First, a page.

Characterization of human prostate in organotypic culture
Detection and quantification of potential HIV-1 target cells in human BPH prostate
Infection of prostate explants with R5, R5X4 and X4 HIV-1 strains
Localization and characterization of HIV-1 RNA+ cells in BPH prostate explants
Whilst few previous studies have detected HIV-1 within the morphologically abnormal prostate from AIDS deceased men [11, 18–20], the susceptibility to HIV-1 infection of the prostate from asymptomatic men has not been thoroughly explored. Here, we used an organotypic culture of prostate tissue from HIV-negative men with benign prostatic hypertophy (BPH) to investigate infection by R5, R5X4 and X4 HIV-1 strains and to determine the nature of the target cells within this organ.
BPH is an extremely common disease (for a review, ). Starting from 35 years of age, its frequency increases with age, and it affects 50 to 75% of men over 50 years old. It leads to an enlarged prostate which although benign and non-malignant may necessitate surgery to eliminate discomfort. Most BPH lesions develop in the transition and central zones of the prostate and are composed of epithelial, muscular and/or stromal hyperplasia. Inflammatory infiltrates are often present in and around the glandular or fibromuscular BPH nodules . In our BPH tissues, T lymphocytes (mean of 220 cells/mm2), mainly stromal CD4+, were more numerous than CD68+ myeloid cells and were found either scattered or in foci. These results are in agreement with previous qualitative and quantitative studies on immune cell populations within BPH prostates, showing the predominance of T lymphocytes (mean of 195 cells/mm2, mainly stromal memory CD4+T cells and a few intraepithelial CD8+ cells) over macrophages and B cells [22–24]. Normal prostate (i.e. from asymptomatic prostate disease-free men) contains scattered stromal and intraepithelial T and B lymphocytes, macrophages and mast cells , but also frequently displays focal accumulation of CD4+T lymphocytes in the stroma [25–27]. As a matter of fact, most adult prostate tissues, with or without prostatic pathology, contain various extent of inflammatory infiltrates, most commonly composed of a majority of stromal T cells (reviewed in [12, 28]. The source of intraprostatic inflammation is often unknown but might be caused by dietary factors, hormonal exposure variations, infection, or cell injury (for a review ).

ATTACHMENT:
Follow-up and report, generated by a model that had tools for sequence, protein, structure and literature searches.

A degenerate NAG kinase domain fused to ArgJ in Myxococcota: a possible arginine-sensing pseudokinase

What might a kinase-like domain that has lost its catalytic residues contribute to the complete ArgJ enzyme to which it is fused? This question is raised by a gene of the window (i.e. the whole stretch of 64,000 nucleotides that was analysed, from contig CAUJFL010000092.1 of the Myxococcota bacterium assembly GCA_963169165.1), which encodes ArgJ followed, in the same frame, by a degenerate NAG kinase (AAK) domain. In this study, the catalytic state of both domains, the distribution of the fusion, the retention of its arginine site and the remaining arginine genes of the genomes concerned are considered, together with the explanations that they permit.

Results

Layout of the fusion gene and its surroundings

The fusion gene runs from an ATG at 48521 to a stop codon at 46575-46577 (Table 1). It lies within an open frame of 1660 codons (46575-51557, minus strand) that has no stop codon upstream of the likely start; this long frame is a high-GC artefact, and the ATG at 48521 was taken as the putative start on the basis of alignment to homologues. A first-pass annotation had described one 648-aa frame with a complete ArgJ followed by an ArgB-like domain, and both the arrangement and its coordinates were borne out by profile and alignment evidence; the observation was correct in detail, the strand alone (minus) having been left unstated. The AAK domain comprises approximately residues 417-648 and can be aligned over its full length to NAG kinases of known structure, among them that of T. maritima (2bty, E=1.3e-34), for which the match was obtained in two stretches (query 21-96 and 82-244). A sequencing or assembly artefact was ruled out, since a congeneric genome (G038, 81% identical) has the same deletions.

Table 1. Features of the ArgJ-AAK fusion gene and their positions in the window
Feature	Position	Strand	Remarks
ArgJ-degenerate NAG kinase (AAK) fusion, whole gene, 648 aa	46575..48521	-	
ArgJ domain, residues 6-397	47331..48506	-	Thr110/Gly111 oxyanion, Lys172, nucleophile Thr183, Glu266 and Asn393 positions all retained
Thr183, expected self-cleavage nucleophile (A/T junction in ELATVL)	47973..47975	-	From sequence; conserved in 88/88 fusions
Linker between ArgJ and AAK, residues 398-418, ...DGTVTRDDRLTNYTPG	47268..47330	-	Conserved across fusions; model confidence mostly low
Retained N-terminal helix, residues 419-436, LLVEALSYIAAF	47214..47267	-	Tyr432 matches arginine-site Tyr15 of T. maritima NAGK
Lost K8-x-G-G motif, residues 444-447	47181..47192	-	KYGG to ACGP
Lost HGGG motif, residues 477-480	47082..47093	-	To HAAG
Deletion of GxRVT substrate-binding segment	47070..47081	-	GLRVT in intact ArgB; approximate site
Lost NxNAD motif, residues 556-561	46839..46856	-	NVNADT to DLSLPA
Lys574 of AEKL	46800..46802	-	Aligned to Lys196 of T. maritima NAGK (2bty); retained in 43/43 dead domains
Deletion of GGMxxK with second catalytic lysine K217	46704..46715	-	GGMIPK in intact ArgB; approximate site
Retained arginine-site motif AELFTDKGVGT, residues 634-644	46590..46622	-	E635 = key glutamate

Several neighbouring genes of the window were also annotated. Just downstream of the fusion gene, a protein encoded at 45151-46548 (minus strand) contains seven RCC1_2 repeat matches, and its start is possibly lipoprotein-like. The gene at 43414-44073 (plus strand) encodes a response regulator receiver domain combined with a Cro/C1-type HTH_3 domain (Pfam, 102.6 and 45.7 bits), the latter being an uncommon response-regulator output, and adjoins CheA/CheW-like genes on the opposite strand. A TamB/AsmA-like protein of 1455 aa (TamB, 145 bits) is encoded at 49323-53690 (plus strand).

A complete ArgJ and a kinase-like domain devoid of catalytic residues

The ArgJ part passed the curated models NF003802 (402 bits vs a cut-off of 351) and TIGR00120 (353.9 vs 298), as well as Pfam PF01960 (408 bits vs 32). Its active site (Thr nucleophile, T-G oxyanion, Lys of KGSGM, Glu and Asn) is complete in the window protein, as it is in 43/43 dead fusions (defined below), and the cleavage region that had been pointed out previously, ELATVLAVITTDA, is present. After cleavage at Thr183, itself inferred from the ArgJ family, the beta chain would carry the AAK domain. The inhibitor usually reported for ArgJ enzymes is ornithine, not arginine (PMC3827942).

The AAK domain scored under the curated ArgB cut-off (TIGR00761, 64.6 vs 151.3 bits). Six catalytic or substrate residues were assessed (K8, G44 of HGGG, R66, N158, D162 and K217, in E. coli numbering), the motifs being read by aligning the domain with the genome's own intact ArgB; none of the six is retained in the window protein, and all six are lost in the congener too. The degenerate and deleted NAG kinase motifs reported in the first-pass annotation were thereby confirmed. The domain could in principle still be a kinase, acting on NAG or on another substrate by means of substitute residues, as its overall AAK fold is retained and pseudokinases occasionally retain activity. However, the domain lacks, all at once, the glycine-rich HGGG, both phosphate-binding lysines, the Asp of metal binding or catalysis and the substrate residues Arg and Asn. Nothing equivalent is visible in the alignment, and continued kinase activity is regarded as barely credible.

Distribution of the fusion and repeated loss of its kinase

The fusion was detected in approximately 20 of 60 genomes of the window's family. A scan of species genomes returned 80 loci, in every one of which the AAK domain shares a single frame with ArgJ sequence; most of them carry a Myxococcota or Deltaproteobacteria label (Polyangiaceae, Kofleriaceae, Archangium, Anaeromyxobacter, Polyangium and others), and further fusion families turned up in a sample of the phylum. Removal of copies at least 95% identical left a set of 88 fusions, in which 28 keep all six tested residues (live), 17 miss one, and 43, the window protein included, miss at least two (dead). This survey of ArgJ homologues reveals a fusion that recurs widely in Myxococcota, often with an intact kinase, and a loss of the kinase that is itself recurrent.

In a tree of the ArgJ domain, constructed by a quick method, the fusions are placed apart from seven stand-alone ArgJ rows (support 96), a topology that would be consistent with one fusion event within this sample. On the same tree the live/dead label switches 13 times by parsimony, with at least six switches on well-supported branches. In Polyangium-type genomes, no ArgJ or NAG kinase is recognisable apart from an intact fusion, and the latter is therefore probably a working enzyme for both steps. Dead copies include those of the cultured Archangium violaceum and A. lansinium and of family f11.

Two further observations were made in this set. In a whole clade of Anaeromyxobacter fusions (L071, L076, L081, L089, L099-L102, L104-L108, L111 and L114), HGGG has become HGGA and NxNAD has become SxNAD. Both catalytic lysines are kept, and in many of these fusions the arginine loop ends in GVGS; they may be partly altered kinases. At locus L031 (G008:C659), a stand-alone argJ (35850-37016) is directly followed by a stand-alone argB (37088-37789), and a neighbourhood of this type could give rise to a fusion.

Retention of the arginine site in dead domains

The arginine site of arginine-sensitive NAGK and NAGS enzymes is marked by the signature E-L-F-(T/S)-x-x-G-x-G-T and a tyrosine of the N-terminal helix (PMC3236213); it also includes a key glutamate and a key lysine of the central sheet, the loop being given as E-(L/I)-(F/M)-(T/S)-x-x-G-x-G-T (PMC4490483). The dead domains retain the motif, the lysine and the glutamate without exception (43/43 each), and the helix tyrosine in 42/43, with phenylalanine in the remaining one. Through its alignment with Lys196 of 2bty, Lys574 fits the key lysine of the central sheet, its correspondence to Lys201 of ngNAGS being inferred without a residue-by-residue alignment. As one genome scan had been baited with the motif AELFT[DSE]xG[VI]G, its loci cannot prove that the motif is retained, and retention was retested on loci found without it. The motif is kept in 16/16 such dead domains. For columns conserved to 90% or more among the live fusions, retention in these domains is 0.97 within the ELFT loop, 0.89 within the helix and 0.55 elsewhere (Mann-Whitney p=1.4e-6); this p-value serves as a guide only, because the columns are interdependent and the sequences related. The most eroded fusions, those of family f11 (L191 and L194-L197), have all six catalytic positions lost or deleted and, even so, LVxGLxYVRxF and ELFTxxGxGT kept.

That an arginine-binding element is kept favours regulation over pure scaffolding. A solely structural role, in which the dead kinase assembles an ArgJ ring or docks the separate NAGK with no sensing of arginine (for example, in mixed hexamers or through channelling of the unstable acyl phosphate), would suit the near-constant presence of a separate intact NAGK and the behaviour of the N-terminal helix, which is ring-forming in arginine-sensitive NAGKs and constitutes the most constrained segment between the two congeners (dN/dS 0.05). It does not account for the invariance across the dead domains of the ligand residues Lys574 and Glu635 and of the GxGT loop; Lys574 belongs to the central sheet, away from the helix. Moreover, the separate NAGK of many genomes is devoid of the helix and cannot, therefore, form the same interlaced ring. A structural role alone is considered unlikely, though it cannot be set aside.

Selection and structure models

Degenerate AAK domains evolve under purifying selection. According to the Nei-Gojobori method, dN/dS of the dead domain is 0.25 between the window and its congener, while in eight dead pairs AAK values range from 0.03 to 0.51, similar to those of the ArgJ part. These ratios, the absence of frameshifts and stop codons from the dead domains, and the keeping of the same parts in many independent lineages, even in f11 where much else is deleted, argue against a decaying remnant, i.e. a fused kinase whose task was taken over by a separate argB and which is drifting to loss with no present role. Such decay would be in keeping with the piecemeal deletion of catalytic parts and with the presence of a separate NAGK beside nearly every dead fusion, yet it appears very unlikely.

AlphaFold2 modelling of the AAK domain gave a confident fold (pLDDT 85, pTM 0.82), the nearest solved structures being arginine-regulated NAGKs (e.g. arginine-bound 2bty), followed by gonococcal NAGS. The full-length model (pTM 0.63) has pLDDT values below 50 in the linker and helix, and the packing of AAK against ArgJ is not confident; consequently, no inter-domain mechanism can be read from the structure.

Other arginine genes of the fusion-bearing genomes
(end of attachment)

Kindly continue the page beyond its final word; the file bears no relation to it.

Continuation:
The culture conditions selected for the organotypic culture of human prostate that we developed from BPH tissues were based both on our own experience of organ culture  and on previous descriptions of prostate organ culture selected from the literature [30–32]. The culturing method of using well inserts was chosen for its ease of manipulation in the context of a high security laboratory, as opposed to other methods which required specific material . The culture allowed for the preservation of the overall tissue architecture and the maintenance of all the prostatic cell types for 2.5 weeks ex vivo. Both normal and hyperplasic glands were observed before and after culturing. No increased proliferation of any specific cell type was observed after culturing. The constraint of working on explants of very small size in order to preserve tissue integrity did not allow for accurate quantification of immune cells throughout the culture. However, we unequivocally found that all the immune cell types identified before culturing were still present by day 17.
We demonstrated here for the first time that human prostate from men with BPH is selectively infected by HIV-1 and releases infectious virions. Infected cells were mainly localized within the stroma and were rarely found within the epithelium, whether hyperplasic or normal. Their phenotype corresponded to either lymphocytes or macrophages, which, as previously evidenced by us and others, can be inserted within the epithelium [13, 23, 25–27]. Epithelial cells in the BPH prostate explants never stained positive for HIV receptors CD4, CXCR4 or CCR5 in immunohistochemistry. This confirms an in vitro study showing an absence of CD4, CXCR4 or CCR5 surface expression and the lack of productive infection by either R5 or X4 virus strains of epithelial cells isolated from normal prostates . Thus, unlike the renal epithelium that supports HIV replication in vivo , the prostatic epithelium does not constitute a site of active HIV infection.